Twitter: @Notofracking



Websites:  :


Ph: 087 7409102 / 086 8127536


Statement from participants in the No Fracking Ireland Network on the occasion of the ‘Ireland Oil and Gas 2013 Summit’ 

The Elephant in the Room: “We are not going to be covering fracking and shale gas at all”

Initially, we decided to protest on this date because fracking company Tamboran Resources were due to speak. Tamboran Resources are the highest profile fracking company active in Ireland. They want commercial, large scale, widespread fracking to take place in parts of several counties in the north-west of Ireland and in Northern Ireland. The ‘summit’ organisers contacted us on Friday 6th September. They told us Tamboran were no longer taking part in the ‘summit’. They told us “we are not going to be covering fracking and shale gas at all”.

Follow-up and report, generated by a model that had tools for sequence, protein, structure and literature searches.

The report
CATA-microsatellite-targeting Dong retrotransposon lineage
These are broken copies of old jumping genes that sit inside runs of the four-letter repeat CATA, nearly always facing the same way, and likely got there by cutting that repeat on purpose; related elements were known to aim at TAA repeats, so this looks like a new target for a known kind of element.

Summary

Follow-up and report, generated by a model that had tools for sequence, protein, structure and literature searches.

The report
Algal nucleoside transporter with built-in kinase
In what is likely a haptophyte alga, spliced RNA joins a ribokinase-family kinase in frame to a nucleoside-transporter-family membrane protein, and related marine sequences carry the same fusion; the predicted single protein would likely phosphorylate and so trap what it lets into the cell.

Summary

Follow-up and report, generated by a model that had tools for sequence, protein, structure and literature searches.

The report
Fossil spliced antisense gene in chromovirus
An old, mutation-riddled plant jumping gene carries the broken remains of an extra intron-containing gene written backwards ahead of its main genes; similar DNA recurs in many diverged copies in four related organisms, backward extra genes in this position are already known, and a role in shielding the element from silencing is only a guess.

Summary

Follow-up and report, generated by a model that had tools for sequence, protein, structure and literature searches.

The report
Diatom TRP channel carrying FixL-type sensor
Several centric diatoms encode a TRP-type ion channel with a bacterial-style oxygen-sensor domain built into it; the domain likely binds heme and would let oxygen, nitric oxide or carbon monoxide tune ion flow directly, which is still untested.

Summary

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Welcome to the New Poverty – Insolvency Poverty

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Today the new insolvency service goes live.  Today is the beginning of a new kind of poverty – insolvency poverty.

Our rulers, giving deep consideration to the problems posed by household debt, have designed a solution.  Does it write down the debt caused by the financial institutions?  Well, er, not exactly.  The solution requires that men, women and children undergo poverty-line existence for up to six years – and to do so publicly by having their names published on a register.  Included in this regime is the creation of a new professional class – Personal Insolvency Professionals – who will assist people to navigate their poverty experience and in many (most) cases will get an upfront payment.  Insolvency poverty and insolvency poverty professionals -you really couldn’t make this stuff up.  But they did.